Tuesday, June 26, 2007

Words Speak Louder Then Actions

When I find that I'm in a funk I feel that it helps to look back on the past year and see all that we have accomplished, all that we have been through, all that we have suffered, and that we have SURVIVED! I try and look back and think what have we learned. What knowledge can we take with us to help with our next obstacle? Or, what can I use to help other families when I eventually start up my career again. It's funny, I look back and remember verbatim so many things that the doctors, nurses and therapists said to us while we were still in the hospital with Sam. For the most part, I have to say, I was and still am very impressed with the carefully thought out words that were used to explain to us that basically we were/ are in deep shit. But I remember when I was first going into labor the senior resident that was checking me out while I was in triage said, "You do know there is a good chance that something is going to be wrong with your baby?" At that time I did know that but no one was sure. But who says something like that to a women in labor. I felt like saying, "And what would you like me to do about that now jackass." It should be a requirment to have some course on bedside manner while these doctors are in medical school. What some medical professionals do not realize is that there words can impact an outcome just as much as there treatment. When I was working, families had told me stories where doctors and therapists basically said that there was no hope for their children. And many times this resulted in a kind of give up attitude on the parents part. Luckily in our case no one ever said NEVER. Even now when I ask Sam's specialists will he ever get off of his feeding tube. They look at me like I have three heads and say of course there's a great chance of that happening but it will take hard work. It is so grueling to wake up at 6am and begin the day doing therapy and only therapy with your child. Sometimes you just want to be the parent and have fun with your kid, but when professionals are telling you that all of this therapy is going to give Sam the best shot that he has in life, how can you do anything else. I know I need a lot of encouragment to do what I do everyday. It absolutely helps to have all of Sam's healthcare providers believe that he is going to do great things. Don't get me wrong, I don't care if they said he was doomed, I wold never give up on my child. But it certainly gives me an extra pop knowing that I am not the only one who believes in him.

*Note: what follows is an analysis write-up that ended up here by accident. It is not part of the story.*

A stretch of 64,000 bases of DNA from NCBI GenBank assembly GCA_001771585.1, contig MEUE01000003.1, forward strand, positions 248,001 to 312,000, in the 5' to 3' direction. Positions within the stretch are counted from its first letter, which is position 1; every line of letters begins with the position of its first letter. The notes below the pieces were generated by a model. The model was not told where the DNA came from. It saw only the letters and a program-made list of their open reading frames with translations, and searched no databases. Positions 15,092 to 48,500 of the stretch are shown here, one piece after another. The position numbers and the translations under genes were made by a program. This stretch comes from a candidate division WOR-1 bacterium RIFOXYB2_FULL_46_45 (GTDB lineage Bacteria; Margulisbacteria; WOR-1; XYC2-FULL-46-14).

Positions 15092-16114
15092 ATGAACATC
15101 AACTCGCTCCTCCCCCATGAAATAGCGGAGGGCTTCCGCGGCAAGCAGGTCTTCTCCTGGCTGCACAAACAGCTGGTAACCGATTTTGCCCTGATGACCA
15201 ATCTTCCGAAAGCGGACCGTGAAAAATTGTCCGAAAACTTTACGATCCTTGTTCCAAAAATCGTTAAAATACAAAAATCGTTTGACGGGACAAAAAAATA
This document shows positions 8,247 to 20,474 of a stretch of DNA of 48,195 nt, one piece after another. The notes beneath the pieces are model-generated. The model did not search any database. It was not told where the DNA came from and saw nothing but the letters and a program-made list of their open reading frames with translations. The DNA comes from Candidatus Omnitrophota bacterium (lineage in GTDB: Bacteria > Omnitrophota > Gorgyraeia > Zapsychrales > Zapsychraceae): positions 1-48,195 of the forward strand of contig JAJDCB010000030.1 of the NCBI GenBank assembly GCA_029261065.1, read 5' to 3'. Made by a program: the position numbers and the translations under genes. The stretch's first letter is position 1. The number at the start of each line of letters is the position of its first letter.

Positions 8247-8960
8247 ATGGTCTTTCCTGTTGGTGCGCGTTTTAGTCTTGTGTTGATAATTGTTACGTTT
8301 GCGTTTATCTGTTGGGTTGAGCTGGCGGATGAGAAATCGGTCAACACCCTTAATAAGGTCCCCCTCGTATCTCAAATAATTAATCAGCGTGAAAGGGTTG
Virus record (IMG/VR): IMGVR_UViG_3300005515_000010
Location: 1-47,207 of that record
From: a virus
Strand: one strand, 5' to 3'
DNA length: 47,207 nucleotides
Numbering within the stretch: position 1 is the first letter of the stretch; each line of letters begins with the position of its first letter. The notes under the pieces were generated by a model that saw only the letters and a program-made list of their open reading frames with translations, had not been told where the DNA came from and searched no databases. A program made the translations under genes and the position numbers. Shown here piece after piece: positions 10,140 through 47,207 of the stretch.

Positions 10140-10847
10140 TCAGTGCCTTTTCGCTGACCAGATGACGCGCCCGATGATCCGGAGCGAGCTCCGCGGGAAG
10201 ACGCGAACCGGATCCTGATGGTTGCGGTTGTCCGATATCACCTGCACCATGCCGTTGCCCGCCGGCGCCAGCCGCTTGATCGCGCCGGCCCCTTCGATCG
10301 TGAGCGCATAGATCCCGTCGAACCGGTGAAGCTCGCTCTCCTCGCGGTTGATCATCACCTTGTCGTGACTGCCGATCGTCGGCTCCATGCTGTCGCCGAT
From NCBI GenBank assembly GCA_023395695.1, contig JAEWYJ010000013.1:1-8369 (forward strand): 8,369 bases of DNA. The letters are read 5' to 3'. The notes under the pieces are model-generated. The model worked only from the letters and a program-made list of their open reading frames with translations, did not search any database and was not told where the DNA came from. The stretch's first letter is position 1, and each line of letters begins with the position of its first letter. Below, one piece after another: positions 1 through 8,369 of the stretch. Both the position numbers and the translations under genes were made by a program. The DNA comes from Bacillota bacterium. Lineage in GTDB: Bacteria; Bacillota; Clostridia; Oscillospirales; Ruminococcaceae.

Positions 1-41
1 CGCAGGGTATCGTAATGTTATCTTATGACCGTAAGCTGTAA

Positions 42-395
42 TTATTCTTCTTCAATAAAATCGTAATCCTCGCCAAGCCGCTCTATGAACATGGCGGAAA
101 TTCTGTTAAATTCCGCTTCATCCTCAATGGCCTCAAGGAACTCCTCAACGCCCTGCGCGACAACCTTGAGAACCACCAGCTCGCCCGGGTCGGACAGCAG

jch said...

Ira spent his days in a teaching hospital. I remember that one day a doctor said something devastating to Laura concerning Ira. It was totally inappropriate. I marched over to that doctor and in front of her students gave her a good tongue lashing. (I even said a curse word or two which is a big deal for this preacher-man.) The doctor turned all shades of red and promptly apologized. Her students were shocked as well.

All that to say, yes, there should be a course in bedside manner.

Keep up the hard work, Carrie.

Mimi and Poppy said...

Mimi and Poppy said... We will always believe in him as well.

Nicole said...

Carrie, You are such an amazing person. Sam is so lucky!

Nicole said...

Carrie- This is such a great idea and I am so proud of you for doing it. I know it takes a lot of courage to put it all out there. You truly are an amazing woman and mother. I am fortunate to see Sam often and I adore him sooooooo much!!! He is making strides thanks to your's and Scott's hard work and dedication. I am always here as whatever it is you need me for- a sister, a friend, a babysitter, a fellow mom, and even your punching bag (well maybe Scott can handle that one;-)). I love you all and I also want to thank you for being so amazing to me and to Riley. You see for yourself how she loves all of you and I am so glad we live nearby so she and Sam can grow up to be the best of friends. Thanks for being special and most of all thanks for being YOU!!!!!!!


Anonymous said...

I am one of Sam's very fortunate therapists. A family comes around like this only once in a therapist's lifetime. It is so exciting to be part of this amazing package. Sam takes after his mother, father, loving grandparents , and all the others. He is so tolerant and is doing more things every day. The follow through every day on all avenue's on everyone's part is just unimaginable. This is going to happen and I am going to be there. That is exciting. Considering all the avenue's, all the approaches coordinated and implemented and integrated is what is making it happen. Genie Rogers MA CCC-SLP. BRS-S